To what extent are the characters in Shakespeare's A Midsummer Night's Dream conventional and representative types?

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Some of the characters are very much representatives of conventional types, while others are more fully individualized.

It's fair to say that both pairs of young lovers are cardboard characters; aside from one woman being short and the other tall, their characters are interchangeable, and the same is true for...

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Some of the characters are very much representatives of conventional types, while others are more fully individualized.

It's fair to say that both pairs of young lovers are cardboard characters; aside from one woman being short and the other tall, their characters are interchangeable, and the same is true for the young men.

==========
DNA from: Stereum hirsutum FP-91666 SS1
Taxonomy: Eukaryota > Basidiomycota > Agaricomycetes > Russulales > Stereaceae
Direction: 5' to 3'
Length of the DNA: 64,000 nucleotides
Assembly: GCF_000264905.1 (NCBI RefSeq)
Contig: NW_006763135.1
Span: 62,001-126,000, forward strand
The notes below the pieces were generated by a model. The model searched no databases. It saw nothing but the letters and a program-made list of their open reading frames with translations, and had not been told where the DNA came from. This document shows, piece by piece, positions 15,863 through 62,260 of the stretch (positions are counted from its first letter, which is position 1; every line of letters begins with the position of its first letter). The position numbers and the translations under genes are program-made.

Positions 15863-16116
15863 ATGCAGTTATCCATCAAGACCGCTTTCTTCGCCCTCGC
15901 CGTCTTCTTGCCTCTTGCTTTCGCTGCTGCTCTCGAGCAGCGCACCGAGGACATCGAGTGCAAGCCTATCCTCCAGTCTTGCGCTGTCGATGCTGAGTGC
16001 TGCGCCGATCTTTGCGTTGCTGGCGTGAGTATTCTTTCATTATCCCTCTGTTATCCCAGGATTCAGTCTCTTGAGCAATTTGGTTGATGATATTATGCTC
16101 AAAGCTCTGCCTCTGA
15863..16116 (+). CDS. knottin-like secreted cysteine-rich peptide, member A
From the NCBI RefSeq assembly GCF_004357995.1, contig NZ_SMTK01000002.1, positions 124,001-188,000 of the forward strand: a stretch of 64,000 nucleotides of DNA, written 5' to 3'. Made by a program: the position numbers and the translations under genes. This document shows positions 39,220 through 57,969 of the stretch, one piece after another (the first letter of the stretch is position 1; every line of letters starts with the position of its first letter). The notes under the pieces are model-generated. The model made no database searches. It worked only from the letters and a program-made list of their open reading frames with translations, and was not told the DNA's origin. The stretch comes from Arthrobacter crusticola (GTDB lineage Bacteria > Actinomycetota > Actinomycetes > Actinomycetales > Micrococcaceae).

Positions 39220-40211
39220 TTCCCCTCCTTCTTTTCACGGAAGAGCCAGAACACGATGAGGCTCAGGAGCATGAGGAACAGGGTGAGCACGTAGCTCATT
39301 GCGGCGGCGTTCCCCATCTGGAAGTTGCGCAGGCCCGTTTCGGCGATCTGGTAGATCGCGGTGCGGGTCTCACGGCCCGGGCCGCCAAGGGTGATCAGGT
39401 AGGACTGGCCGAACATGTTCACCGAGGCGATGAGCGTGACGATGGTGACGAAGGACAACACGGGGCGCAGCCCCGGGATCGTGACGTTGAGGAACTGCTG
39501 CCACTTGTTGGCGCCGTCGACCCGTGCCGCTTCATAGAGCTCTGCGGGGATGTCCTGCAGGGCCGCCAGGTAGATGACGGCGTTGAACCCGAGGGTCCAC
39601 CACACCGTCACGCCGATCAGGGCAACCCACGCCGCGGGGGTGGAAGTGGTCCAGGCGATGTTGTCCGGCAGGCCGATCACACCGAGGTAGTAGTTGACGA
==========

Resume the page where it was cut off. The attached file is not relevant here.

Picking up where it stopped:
Theseus and Hippolyta are less themselves (historical/mythological characters with a specific history) and more a standard upper class/ruling couple.

Many of the elements that are sources of fun in the rude mechanicals are standard stage tropes—the foolishness, the overacting, etc.

The lesser fairies (Peaseblossom, Mustardseed, etc.) are essentially standardized and interchangeable.

Who, then, is an individual, and in what ways? Titania, Oberon, and Puck, in the detailed specificity of their shared history, and Bottom, a bit, for the nature of his extreme egotism.

Greg

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